• Tricep Dips: these can be done pretty much anywhere. Use your desk or your chair if it doesn’t have wheels on it. Position your hands shoulder-width apart on the desk or chair, then move your butt off the front with your legs extended out in front of you. Straighten your arms, keeping a little bend in your elbows to keep tension on your triceps and off your elbow joints. Do 3 sets of 10.
  • Joking Jump Rope: hop on both feet at once, or alternate. Increase the intensity by adding the arm movements you would do if you had a rope. 30 – 45 seconds, 3 – 5 times
  • Calf Raises: stand up behind your chair and hold on for support. Raise your heels off the floor until you are standing on your toes. Slowly lower yourself back to the floor. Do 3 sets of 10.
  • Glute Squeeze: squeeze your glutes as hard as you can and hold for 10–30 seconds.
  • Shoulder Press: look around the office and find an old phone book or a ream of paper, something that weighs a few pounds. Hold it at shoulder height and then raise it all the way overhead. 10 reps. 3 times.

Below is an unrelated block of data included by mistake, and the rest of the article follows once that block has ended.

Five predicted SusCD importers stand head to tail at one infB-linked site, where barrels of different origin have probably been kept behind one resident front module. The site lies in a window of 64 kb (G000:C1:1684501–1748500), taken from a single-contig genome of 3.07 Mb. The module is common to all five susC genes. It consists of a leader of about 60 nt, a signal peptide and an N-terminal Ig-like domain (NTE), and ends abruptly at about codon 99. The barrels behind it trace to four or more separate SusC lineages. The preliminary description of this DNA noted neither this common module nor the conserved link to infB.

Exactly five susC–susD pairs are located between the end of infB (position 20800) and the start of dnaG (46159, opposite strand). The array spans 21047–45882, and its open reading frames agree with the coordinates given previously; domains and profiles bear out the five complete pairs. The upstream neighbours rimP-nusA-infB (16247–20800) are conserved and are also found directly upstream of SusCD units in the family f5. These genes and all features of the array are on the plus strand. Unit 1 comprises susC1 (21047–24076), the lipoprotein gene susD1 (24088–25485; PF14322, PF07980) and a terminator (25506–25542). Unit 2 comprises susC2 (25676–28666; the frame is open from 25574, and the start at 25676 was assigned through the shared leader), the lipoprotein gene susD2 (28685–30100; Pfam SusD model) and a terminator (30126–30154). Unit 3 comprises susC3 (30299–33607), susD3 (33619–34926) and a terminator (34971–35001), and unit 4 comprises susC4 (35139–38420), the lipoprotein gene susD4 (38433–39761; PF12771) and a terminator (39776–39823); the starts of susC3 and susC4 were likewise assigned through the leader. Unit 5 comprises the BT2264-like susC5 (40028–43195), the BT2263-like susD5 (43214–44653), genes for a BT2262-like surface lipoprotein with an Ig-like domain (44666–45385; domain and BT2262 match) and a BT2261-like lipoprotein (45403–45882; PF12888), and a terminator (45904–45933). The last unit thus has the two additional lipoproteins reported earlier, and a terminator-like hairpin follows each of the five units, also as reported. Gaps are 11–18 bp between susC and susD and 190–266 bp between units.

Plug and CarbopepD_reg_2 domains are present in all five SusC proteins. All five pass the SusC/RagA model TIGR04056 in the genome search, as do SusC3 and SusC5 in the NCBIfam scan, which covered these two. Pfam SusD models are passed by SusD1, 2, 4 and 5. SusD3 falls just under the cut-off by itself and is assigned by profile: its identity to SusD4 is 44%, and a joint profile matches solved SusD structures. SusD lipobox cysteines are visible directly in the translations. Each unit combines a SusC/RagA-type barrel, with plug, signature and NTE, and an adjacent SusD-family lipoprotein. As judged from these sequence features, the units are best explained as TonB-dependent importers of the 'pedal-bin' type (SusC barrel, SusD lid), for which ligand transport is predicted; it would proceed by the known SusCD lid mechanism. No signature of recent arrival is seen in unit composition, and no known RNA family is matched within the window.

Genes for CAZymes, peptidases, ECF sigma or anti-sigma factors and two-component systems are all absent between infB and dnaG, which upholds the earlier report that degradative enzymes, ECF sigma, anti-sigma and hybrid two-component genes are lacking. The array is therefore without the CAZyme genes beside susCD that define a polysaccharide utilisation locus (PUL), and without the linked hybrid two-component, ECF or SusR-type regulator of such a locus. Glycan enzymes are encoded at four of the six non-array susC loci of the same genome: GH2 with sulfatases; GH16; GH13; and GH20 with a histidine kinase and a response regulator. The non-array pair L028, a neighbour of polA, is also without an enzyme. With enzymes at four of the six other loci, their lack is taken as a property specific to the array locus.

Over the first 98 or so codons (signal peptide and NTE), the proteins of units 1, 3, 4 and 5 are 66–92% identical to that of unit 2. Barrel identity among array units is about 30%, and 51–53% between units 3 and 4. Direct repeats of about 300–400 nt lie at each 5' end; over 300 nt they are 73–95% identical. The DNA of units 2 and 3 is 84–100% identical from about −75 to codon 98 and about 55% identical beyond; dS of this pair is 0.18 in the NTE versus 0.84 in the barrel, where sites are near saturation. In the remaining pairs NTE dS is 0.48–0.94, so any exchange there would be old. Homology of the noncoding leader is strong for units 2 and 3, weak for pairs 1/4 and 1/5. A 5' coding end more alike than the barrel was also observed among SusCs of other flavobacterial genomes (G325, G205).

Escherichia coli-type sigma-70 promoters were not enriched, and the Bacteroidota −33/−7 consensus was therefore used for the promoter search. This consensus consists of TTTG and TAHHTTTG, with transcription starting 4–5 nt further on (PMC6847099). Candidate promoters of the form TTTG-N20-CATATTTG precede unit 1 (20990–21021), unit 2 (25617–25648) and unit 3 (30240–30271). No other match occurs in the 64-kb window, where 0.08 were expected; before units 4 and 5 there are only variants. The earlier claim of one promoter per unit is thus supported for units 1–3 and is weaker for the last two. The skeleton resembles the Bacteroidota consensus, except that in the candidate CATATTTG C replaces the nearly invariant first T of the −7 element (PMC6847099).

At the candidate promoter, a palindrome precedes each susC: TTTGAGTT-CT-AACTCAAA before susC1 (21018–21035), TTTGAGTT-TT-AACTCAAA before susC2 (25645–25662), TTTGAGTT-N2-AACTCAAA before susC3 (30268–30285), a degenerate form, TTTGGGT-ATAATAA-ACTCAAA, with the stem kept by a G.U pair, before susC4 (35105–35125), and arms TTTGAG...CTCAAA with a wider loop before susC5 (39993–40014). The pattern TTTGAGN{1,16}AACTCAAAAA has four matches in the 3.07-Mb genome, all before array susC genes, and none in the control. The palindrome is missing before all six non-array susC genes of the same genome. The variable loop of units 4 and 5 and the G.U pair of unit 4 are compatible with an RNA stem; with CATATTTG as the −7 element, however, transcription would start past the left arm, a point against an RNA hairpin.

• Wall Sit: stand with your back against the wall and slowly lower yourself into a seated position and hold for 10–30 seconds at a time.
  • Lunge: you can keep this move stationary and do it at your desk, or you could go all out and lunge down the hall to the printer and back. With one leg in front of the other, gently lower the knee of your back leg down towards the ground. Like you were going to propose to a co-worker. 10 times on each leg.

In Summary

Don’t be bothered if your work colleagues give you funny looks whilst doing any of the above exercises. You’re the one looking after you own health and well-being.

On a final note, ideally you should get up from your desk at least once an hour, even if it’s not to exercise at your desk. Set an alarm to remind you to stop squinting at that Excel worksheet and get up and move.

Also, walking for just two minutes an hour can reduce the negative effects of sitting. And if you’re still right now, get up and start moving.

Cardiff Befriending Training Course